<img nosave= data-cke-saved-src=../picts/96092201.gif src=../picts/96092201.gif alt=insulator using x-sas-useimagewidth= x-sas-useimageheight= blow-in= blanket= system= = border=2 height=219 width=144>Controlling Air Leakage). You may never get another chance once the holes are hidden under a foot or more of insulation.
Types of Insulation
Some of the common materials used for insulation are glass fibers (fiberglass), fibers of molten rock or slag (rock wool), recycled newspapers (cellulose), urethane foams, and even recycled cotton fibers. Insulation comes in several forms--loose fill, batt, blanket, rigid board, or expanding spray foam.
Loose-fill insulation consists of loose fibers or granules, and is made from cellulose, fiberglass, rock wool, cotton, or other materials. This loose insulation conforms to the space in which it is installed. Loose-fill insulation comes in bags, and is usually blown into cavities or attics with special equipment. Insulation is sometimes blown at relatively high density into a wall or ceiling cavity to resist air infiltration--this technique is called dense-pack.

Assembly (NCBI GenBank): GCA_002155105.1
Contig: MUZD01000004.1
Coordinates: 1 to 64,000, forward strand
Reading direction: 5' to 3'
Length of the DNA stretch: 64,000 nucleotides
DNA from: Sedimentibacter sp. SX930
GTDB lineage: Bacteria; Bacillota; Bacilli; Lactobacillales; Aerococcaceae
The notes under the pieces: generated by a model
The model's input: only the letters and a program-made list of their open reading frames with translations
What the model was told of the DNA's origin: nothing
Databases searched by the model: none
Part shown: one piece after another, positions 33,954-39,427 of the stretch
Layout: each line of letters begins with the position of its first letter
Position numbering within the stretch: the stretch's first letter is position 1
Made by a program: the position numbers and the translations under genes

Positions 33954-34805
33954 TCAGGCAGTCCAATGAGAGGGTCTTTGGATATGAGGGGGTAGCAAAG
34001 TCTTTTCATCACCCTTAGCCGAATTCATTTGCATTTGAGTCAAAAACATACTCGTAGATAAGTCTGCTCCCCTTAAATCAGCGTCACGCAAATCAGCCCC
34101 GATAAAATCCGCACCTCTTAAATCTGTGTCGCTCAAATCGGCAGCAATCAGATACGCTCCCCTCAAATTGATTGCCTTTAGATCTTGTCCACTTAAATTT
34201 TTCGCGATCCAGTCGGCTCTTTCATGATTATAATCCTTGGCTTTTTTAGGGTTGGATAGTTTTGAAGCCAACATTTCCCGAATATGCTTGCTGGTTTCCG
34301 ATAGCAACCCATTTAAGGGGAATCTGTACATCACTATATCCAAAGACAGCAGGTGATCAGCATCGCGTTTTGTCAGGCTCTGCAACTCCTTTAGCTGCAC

Sometimes loose-fill fibers are cosprayed with an adhesive or water in order to cover irregularly shaped and hard-to-reach areas or to install in walls before drywalling. The insulation dries within a few days and is resistant to settling. This technique is often used with cellulose and is called wet spray. Waiting for the insulation to dry before adding a vapor barrier to the wall can be inconvenient, so some newer processes (moist spray) use a lot less water to speed up drying time. Some installers also use drying machines.
Insulation can also be blown into open wall cavities by attaching a barrier to the studs to hold it in. In one system, a reinforced transparent vapor barrier is stapled to the studs and cellulose is blown in through small holes, which are later patched. A similar process involves blowing fiberglass into stud cavities behind a net. Another system uses a temporary frame to pack cellulose, fiberglass, or rock wool densely into the cavities. The densely packed insulation stays in place when the frame is removed.
Batts and Blankets
Batts and blankets are flexible, bound insulation made from glass or cotton fibers. They come in rolls or strips in standard widths, usually to fit between framing on 16- or 24-inch centers; thickness varies depending on the R-value desired. Blankets are available in continuous rolls, whereas batts are precut.